How to Paint Pumpkin Pillow Covers
These painted pumpkin cushion covers are large and bright. Did you ever notice on the design shows their cushions are always large? Painting your own cushion covers allows you to upsize your cushion covers for the more luxurious look. These DIY pumpkin cushions are surprisingly easy and fun to paint If you have a teen you want to get involved in crafting, these painted cushions are a great way to spend a couple hours together.
These are easy to make when you break them down into individual steps. I always say I am crafty, I am NOT artsy. If I can paint these pumpkin pillows I am certain you can paint them.
DIY Pumpkin Pillow Cover Tutorial
I made my own cushion covers, as I had the cotton and I find it easier to make them, then to shop for the large ones. I have found an affiliate link to premade cushion covers but I personally haven’t purchased them. Another alternative is to check out IKEA, just make sure your cushion is 20″ square.
You will need a few materials.
Material for your cushion, (I used heavy muslin) one piece 20 by 20 inches and two pieces 16 by 20 inches. Prewash all your material and seal the edges with a Serger or zig zag stitch.
Art paper ( I used children’s art paper from the dollar store), a pencil and a black marker.
Tintable Martha Stewart fabric medium, so you can use acrylic paint on fabric.
A plate for mixing the paint and fabric medium, a jar of water, small brushes and a paper towel.
To create a template cut out a piece of paper 20″ by 20″ to match your cushion cover. Creating a template prior to painting allows you to erase as needed and gives a perspective as to the size of your pumpkin on the blank canvas of the cushion.
Once the pumpkin is drawn and shaped as you like, outline it in black marker to darken the lines.
Once this is done, cut a piece of fabric 20 by 20″ piece of fabric for the front of your cushion cover. Place the fabric good side up over your template and start painting. 4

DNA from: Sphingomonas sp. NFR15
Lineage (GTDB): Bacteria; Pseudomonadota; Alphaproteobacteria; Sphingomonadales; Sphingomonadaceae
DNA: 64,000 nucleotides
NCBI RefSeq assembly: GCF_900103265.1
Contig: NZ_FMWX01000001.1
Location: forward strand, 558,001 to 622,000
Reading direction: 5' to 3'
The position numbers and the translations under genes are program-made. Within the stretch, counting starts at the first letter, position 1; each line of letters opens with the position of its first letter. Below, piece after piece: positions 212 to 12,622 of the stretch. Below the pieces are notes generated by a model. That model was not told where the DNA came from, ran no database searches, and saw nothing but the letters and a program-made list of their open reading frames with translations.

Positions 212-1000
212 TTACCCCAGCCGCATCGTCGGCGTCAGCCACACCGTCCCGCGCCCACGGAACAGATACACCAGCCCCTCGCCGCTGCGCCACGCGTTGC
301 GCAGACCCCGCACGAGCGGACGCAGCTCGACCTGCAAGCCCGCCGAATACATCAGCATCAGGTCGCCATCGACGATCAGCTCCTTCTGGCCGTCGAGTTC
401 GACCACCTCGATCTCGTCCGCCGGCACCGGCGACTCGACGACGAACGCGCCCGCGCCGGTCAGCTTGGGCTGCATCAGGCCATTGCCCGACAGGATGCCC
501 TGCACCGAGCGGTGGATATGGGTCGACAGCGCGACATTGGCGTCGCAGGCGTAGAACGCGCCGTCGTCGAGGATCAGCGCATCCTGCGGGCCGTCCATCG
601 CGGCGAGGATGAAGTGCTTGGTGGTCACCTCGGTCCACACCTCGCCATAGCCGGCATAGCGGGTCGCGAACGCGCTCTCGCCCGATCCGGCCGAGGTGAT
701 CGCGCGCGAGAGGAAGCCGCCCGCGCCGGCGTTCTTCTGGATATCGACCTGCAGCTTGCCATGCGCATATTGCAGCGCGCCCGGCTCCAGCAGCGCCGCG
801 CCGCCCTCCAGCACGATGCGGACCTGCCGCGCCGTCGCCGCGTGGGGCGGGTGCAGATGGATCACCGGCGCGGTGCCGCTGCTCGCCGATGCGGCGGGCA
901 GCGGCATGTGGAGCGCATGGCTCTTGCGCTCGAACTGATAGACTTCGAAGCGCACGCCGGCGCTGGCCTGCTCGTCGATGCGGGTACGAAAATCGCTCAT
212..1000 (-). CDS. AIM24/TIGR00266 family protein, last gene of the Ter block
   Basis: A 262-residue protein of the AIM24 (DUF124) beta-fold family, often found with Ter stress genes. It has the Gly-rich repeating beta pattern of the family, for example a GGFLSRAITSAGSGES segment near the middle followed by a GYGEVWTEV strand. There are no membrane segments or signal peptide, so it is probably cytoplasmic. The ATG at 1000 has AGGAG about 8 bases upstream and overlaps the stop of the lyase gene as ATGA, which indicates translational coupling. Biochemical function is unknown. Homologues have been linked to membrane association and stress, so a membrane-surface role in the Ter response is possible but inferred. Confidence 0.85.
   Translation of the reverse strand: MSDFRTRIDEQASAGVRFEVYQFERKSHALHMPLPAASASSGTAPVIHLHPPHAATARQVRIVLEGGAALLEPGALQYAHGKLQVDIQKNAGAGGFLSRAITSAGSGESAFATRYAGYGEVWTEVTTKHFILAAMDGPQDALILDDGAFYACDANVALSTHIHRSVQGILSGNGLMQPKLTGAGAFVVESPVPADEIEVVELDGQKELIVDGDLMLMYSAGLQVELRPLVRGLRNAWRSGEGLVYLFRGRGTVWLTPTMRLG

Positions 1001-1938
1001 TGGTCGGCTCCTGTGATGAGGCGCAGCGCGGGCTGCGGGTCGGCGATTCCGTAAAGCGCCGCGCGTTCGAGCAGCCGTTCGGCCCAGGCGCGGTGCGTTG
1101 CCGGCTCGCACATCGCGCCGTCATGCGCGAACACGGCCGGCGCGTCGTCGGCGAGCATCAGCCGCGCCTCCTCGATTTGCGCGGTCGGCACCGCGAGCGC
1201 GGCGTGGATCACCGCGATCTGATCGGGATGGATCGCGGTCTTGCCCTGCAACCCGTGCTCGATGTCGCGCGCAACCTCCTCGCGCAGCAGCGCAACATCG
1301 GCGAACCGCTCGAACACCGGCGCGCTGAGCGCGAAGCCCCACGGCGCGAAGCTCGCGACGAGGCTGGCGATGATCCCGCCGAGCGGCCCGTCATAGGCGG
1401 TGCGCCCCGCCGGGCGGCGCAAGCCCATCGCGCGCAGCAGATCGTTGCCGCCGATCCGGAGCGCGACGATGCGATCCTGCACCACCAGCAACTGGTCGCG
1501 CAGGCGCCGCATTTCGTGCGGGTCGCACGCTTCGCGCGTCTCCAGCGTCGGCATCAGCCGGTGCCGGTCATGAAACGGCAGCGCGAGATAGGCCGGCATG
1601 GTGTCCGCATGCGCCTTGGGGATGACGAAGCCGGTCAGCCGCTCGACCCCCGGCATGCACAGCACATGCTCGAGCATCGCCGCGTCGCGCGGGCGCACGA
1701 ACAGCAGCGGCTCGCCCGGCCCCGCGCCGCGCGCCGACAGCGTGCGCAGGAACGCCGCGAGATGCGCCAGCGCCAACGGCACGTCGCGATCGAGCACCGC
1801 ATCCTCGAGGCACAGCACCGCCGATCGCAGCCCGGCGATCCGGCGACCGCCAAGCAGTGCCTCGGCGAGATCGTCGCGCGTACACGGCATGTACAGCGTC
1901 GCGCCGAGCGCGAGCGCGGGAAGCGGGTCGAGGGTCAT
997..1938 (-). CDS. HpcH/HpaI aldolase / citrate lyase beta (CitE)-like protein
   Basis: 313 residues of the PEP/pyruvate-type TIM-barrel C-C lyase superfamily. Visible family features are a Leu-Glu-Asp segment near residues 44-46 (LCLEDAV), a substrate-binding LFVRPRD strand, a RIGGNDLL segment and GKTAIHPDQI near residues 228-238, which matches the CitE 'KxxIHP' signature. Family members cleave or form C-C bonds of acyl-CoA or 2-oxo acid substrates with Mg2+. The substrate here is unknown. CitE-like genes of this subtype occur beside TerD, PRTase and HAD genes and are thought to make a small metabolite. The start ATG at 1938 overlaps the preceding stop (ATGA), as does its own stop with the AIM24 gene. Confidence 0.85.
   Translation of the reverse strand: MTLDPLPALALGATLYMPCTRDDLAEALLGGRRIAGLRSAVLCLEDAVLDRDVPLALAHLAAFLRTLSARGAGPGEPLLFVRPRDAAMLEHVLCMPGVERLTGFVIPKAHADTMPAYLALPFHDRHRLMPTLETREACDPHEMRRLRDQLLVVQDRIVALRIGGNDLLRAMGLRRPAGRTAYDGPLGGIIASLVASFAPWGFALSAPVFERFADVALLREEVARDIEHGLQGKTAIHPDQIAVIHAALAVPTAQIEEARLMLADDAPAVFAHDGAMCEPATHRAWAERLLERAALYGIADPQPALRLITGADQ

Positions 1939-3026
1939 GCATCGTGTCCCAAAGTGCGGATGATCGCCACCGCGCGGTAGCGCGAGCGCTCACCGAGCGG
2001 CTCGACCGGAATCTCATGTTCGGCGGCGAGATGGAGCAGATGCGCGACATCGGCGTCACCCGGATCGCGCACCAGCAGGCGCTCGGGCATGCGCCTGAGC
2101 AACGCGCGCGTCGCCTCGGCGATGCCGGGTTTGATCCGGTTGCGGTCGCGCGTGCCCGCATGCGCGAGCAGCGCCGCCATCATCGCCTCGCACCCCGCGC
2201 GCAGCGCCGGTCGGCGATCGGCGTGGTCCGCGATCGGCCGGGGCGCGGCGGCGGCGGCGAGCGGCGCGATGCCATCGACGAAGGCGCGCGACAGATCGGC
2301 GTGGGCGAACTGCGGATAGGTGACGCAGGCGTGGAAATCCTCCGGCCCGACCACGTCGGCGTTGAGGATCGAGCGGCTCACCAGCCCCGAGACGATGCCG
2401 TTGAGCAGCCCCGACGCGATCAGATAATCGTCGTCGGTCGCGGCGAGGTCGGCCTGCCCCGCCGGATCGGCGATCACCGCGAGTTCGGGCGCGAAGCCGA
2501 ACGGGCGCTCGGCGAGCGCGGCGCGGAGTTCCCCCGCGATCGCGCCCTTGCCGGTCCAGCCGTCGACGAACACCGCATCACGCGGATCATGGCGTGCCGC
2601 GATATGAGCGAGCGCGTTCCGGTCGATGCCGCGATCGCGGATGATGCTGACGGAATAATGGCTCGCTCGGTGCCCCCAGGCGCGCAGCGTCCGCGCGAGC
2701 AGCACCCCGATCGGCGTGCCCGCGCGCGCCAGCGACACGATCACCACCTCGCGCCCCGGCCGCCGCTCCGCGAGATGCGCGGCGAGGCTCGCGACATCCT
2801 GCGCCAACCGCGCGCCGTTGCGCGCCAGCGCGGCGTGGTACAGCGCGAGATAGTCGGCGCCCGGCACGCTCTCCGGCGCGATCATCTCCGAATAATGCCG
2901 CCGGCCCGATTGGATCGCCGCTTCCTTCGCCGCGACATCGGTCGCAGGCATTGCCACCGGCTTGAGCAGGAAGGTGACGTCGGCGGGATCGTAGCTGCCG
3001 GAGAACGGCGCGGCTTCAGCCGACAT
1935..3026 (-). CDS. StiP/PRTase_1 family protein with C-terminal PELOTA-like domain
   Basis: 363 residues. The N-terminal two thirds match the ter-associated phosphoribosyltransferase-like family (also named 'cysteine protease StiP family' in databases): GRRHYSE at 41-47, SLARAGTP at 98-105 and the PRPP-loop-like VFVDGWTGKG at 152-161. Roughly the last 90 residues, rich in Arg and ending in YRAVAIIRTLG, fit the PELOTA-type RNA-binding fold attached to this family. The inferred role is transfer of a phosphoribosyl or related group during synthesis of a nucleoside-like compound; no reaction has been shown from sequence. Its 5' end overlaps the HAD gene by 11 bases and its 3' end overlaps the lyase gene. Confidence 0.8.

(If your using a purchased cushion cover, insert a piece of cardboard, and then the template inside the cushion cover. The cardboard will prevent the paint from leaking the underside.
Paint the outline neutral grey. Once done, mix the neutral grey with white to get a slightly lighter grey.
Remember that pumpkins are curved, think about the general shape of a pumpkin and curve your strokes accordingly.
Fill your pumpkin in by section, using long C shaped strokes.
As you complete each section, use a small brush and burnt umber to paint along the inside of the pumpkin section outlines. The colours will blend.
If you put on too much dark paint even it out by adding the grey/white. If your shading is too light add some more burnt umber.
Clean your brush between dark and light colour changes.
To paint the stem. Fill in with grey, outline with burnt umber, and add a few extra strokes for texture.
Pumpkins in nature come in a wide variety of shapes, sizes, and imperfections. Have fun painting these, they don’t need to be perfect to give the allusion of a pumpkin.
Let dry thoroughly before you start sewing. Heat set the paint with a dry iron (described on Martha Stewart’s fabric medium). Now you’re ready to sew.
Sewing Simple Pumpkin Cushion Covers
To make a cushion cover you already have the front piece cut. Now cut two more pieces of material 20″ by 16″.
Make a rolled hem on one edge of each piece. Fold your fabric over 1/2 inch and iron. Then fold it over 1 inch and iron. Sew along the edge creating a hem. Repeat for the other piece.
Pin the two pieces to the front of your pumpkin cushion covers as shown above. Sew with a 5/8 inch seam around all seams.
Then finish all the seams by sewing a zig zag stitch. You need a 20 by 20″ pillow insert, if you don’t already have one, I like the pillow inserts from IKEA. They are stuffed nicely and inexpensive.